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VIDYARANI MOHANKUMAR, LakshmiPriya Jeganathan, Lalitha Prajna, Chidambaranathan Gowri Priya; Pseudomonas aeruginosa induces autophagy in human corneal epithelial cells . Invest. Ophthalmol. Vis. Sci. 2015;56(7 ):4051.
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© ARVO (1962-2015); The Authors (2016-present)
Keratitis caused by Pseudomonas aeruginosa is a serious ocular infection which may lead to corneal perforation if the intracellular bacteria are not cleared completely. Autophagy, a normal catabolic process, has been shown to play a major role in the clearance of intracellular pathogens. We propose that autophagy induced by P. aeruginosa in human corneal epithelial cells (HCET), may have a role in the clearance of intracellular bacteria.
HCET cells transfected with LC3-GFP plasmid were infected with three different ocular isolates of P. aeruginosa and autophagy was monitored after 1h using a Leica TCS SP8 confocal microscope. EBSS treated (amino acid starvation) HCET cells were used as positive control for autophagy. Another set of HCET cells were infected with P. aeruginosa to study the mRNA expression of autophagy related protein, beclin1 by real time PCR. To study the intracellular survival and replication of the bacteria, HCET cells were infected with P. aeruginosa in the presence of EBSS or 3 -methyl adenine (3mM in EBSS), an inhibitor of autophagosome formation. After 3h, the extracellular bacteria were killed with gentamicin and the cells were incubated for another three hours to allow for intracellular bacterial replication. Diluted cell lysates were plated on to MacConkey agar, and the colonies were counted after an overnight incubation.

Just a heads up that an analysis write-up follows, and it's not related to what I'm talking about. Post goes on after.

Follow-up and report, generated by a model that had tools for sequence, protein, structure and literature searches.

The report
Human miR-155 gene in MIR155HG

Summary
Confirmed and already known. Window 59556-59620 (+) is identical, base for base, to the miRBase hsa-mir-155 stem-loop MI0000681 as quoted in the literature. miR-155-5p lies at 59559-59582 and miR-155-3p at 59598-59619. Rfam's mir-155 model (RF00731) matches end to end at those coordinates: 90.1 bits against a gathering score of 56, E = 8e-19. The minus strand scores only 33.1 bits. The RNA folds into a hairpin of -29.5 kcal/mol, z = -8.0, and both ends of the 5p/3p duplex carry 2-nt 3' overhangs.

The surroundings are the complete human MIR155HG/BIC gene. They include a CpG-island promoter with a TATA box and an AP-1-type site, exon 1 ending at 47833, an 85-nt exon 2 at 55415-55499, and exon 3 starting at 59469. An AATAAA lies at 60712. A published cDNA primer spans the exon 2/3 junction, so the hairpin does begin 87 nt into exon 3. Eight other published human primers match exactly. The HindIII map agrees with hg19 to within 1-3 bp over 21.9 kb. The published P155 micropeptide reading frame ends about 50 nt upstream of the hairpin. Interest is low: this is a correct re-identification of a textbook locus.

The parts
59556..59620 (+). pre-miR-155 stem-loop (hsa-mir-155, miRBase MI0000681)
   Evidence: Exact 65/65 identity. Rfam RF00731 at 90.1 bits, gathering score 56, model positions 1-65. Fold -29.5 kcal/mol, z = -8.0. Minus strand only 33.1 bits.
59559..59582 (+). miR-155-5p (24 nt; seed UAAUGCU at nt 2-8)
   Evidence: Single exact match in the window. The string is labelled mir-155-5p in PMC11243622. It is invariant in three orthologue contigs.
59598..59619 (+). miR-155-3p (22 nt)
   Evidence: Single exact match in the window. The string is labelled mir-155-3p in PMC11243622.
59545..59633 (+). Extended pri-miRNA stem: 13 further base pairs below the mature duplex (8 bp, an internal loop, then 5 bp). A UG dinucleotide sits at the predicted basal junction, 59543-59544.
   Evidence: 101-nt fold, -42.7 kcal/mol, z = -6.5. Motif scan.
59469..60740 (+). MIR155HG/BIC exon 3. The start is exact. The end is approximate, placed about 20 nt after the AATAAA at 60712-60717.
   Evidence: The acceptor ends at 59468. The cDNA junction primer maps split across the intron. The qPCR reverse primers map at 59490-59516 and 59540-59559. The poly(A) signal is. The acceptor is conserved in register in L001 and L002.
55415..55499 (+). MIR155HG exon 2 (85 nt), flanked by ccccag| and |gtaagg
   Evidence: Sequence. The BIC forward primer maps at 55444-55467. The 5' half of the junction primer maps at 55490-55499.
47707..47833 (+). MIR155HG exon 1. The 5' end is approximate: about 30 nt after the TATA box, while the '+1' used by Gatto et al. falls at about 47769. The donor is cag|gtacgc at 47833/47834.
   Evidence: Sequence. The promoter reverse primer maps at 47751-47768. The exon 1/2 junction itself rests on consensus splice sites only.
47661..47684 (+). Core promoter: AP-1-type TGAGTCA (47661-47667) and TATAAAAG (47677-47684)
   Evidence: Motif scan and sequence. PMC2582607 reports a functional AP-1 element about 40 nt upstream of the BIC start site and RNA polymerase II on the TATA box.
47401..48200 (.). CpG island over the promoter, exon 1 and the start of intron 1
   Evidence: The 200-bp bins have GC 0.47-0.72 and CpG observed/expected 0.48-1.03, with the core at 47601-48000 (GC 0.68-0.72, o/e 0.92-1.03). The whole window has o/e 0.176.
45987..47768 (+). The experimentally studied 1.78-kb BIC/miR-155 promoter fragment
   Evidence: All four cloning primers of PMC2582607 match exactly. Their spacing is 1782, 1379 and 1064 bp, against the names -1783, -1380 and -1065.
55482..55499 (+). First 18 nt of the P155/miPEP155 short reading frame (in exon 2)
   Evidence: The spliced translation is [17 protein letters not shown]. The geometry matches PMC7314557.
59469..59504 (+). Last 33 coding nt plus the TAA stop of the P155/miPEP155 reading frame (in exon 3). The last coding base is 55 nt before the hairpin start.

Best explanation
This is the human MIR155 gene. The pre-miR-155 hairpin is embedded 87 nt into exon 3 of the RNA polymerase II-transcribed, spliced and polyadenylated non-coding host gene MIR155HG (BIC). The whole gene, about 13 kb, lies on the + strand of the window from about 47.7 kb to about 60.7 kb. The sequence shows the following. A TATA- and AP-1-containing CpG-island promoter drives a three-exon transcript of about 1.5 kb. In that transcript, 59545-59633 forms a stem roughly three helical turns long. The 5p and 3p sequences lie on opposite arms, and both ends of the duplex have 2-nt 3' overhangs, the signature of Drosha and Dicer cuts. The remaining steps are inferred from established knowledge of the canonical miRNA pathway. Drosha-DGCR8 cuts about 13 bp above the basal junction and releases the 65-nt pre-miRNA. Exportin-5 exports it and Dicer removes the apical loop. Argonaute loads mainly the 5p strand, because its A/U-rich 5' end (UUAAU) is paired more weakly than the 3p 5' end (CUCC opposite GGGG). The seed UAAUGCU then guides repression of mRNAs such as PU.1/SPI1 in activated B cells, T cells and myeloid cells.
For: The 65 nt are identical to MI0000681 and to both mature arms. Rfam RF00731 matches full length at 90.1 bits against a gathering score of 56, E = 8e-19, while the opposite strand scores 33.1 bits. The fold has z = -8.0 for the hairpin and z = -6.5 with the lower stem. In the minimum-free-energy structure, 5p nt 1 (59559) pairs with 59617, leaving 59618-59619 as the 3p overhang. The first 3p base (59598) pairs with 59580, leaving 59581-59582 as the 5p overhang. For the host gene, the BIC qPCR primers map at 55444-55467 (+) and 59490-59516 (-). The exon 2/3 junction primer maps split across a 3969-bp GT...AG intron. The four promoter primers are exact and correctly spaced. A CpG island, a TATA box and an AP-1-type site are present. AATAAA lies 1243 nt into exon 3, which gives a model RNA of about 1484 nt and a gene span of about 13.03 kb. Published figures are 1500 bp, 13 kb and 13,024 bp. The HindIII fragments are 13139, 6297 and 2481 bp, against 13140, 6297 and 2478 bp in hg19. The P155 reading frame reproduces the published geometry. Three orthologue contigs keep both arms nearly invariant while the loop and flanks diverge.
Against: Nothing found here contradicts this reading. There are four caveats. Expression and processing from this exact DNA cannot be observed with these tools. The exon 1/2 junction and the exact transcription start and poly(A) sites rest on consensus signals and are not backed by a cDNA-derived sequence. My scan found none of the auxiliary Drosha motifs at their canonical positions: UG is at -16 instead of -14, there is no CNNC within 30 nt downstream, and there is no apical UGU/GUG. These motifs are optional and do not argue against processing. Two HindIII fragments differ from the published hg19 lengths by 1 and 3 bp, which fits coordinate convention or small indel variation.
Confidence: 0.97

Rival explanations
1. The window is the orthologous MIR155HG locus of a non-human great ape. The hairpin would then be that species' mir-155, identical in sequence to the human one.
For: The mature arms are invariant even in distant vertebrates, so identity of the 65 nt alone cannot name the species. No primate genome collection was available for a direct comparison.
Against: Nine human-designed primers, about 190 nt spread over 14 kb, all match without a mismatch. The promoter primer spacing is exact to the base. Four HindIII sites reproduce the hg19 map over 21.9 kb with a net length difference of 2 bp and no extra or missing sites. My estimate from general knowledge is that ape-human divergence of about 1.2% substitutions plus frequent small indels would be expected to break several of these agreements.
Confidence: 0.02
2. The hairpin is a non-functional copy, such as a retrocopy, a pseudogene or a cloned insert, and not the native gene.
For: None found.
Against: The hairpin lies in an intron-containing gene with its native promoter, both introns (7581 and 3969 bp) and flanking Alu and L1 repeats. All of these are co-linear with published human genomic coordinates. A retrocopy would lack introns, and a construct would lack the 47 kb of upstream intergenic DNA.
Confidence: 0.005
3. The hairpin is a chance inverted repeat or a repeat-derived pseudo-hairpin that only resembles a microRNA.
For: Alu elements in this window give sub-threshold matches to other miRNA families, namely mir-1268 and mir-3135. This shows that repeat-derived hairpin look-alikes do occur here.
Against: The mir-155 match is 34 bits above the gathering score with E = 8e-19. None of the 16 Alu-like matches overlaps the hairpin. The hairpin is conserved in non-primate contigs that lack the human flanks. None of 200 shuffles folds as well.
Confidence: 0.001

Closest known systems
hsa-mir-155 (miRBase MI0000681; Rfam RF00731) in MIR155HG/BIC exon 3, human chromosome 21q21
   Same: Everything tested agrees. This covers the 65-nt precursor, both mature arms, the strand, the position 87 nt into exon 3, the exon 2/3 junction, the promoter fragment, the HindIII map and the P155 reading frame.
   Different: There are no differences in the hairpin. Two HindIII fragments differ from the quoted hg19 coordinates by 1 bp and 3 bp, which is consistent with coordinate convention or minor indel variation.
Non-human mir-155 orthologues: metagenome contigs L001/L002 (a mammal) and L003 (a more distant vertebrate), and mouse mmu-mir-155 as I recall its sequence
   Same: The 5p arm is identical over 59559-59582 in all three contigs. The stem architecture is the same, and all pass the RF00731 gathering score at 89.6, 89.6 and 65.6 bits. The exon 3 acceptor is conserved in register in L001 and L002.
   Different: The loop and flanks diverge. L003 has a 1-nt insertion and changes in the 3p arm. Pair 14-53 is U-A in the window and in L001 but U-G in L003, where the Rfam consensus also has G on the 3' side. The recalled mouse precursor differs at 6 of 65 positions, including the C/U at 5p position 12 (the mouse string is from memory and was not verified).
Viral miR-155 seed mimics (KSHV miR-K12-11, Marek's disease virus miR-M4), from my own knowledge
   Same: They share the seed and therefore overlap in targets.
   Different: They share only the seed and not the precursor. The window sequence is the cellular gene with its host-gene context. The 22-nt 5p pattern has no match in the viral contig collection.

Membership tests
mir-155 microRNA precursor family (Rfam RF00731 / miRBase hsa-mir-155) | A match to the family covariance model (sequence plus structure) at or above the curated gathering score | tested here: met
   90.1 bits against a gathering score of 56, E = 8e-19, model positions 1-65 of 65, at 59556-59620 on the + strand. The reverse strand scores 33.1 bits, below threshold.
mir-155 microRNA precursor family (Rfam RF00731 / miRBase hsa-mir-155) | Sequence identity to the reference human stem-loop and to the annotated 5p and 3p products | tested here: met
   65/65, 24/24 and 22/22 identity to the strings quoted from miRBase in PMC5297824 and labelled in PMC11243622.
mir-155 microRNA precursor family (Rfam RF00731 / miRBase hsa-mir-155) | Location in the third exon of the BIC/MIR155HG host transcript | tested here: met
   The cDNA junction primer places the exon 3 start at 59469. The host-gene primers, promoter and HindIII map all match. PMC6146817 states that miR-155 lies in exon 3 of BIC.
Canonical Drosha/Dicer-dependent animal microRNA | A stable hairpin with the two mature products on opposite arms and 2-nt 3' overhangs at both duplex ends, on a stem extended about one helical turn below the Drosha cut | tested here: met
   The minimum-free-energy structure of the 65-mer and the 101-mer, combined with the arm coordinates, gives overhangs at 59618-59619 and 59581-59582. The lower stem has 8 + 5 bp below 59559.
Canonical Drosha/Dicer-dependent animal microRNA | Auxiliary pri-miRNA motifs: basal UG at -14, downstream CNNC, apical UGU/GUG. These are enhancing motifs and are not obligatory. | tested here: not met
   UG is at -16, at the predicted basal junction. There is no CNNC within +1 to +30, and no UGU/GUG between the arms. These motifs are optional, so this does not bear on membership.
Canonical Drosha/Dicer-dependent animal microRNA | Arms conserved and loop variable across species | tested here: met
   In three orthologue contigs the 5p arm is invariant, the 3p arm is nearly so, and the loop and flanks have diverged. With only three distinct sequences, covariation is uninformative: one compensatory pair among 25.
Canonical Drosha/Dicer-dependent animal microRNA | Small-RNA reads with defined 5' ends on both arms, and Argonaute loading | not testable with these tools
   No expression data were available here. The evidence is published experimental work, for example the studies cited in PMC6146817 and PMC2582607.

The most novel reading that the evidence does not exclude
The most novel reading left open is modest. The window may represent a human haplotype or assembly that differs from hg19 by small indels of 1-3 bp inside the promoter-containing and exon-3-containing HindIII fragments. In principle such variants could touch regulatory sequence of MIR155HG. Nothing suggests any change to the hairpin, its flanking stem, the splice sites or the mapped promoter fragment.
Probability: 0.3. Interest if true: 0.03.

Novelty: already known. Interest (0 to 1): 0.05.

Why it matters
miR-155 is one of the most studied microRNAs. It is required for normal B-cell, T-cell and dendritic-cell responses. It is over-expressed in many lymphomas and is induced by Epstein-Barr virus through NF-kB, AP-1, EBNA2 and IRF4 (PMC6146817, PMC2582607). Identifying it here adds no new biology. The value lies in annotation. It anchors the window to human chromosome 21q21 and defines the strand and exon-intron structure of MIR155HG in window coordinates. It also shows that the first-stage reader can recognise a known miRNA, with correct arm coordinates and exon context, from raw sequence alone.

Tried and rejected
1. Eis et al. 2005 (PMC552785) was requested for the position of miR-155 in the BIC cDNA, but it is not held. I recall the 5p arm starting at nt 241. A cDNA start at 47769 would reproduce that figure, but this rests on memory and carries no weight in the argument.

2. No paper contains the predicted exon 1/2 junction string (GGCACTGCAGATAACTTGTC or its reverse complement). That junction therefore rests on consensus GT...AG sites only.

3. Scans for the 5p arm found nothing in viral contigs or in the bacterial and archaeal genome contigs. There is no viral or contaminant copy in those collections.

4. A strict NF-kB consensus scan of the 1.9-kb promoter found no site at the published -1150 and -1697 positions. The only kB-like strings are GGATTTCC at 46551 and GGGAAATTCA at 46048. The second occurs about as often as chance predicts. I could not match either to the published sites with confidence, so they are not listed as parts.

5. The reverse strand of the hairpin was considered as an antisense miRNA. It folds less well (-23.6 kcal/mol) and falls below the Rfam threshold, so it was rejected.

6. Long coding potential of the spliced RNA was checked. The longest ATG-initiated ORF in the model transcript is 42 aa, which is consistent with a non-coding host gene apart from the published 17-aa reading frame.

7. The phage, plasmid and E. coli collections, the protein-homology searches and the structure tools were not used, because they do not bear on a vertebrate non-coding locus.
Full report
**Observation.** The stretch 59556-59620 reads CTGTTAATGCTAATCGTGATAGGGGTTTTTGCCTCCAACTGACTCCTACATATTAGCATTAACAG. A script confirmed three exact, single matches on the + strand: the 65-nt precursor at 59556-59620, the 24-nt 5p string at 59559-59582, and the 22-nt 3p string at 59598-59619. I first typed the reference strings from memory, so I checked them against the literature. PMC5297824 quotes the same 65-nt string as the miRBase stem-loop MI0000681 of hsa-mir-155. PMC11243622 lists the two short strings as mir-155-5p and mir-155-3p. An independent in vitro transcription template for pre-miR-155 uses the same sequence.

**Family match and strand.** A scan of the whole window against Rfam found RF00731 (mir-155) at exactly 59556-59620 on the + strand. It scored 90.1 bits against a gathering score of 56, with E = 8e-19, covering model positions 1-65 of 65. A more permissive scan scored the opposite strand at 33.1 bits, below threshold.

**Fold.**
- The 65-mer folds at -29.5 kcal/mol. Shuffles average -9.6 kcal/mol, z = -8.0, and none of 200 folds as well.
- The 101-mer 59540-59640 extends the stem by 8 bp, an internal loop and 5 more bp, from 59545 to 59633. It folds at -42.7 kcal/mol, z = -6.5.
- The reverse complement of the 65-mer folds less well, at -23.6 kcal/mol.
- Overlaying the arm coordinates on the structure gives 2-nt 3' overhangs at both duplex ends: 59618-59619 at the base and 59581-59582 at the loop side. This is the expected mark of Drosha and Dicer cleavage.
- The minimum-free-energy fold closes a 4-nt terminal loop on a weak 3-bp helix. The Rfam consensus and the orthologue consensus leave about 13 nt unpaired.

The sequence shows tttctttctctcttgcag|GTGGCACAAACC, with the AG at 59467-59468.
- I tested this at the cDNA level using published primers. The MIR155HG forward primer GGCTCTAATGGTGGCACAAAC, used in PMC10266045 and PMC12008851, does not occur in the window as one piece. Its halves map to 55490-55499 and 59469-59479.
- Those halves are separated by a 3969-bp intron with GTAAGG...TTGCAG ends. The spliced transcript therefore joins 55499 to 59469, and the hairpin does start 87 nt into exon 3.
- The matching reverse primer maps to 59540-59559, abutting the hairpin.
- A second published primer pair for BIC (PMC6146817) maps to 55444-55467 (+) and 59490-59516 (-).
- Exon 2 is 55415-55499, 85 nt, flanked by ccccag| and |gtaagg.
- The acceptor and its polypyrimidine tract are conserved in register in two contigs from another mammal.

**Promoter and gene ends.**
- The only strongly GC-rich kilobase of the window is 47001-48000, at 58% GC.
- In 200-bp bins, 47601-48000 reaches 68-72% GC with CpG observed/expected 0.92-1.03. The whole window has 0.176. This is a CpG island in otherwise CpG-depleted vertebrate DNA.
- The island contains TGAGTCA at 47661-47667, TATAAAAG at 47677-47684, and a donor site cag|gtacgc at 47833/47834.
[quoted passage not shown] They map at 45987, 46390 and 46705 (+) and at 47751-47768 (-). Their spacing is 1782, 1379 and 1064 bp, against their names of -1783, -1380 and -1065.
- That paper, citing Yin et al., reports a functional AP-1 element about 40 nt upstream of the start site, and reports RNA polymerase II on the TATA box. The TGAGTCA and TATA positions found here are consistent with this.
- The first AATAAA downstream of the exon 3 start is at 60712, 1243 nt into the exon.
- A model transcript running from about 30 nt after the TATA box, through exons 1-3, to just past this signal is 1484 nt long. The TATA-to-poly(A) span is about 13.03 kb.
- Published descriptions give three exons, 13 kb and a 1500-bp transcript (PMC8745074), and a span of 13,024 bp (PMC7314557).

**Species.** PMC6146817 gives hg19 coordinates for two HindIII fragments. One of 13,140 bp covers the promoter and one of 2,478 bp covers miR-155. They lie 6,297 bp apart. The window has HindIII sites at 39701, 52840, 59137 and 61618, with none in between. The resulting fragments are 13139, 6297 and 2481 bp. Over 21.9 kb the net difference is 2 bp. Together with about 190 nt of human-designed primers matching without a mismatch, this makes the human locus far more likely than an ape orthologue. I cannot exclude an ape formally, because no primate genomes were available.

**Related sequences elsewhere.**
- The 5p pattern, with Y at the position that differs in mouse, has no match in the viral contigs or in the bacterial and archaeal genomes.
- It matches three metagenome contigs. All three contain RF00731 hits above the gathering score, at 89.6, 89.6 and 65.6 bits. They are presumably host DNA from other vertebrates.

The HCET cells upon infection with three different P. aeruginosa isolates showed an increased LC3 punctation, which is a classical marker for autophagosome formation. The total number of LC3 positive cells and the relative number of LC3-puncta per cell varied upon infection with the different isolates which may be due to the difference in the intracellular bacterial load. Correspondingly, the mRNA expression of beclin1 was higher in P. aeruginosa infected cells compared to uninfected controls.The ocular isolates were able to efficiently invade and replicate inside the epithelial cells and the bacterial load was relatively higher when the cells were pretreated with 3-methyl adenine.
Altogether, the results suggest that P. aeruginosa induces autophagy in human corneal epithelial cells, which in-turn may limit the intracellular bacterial load. Since the ocular P. aeruginosa isolates can efficiently invade and replicate inside the epithelial cells, autophagy may represent a host defensive mechanism to curtail infection in P. aeruginosa keratitis.
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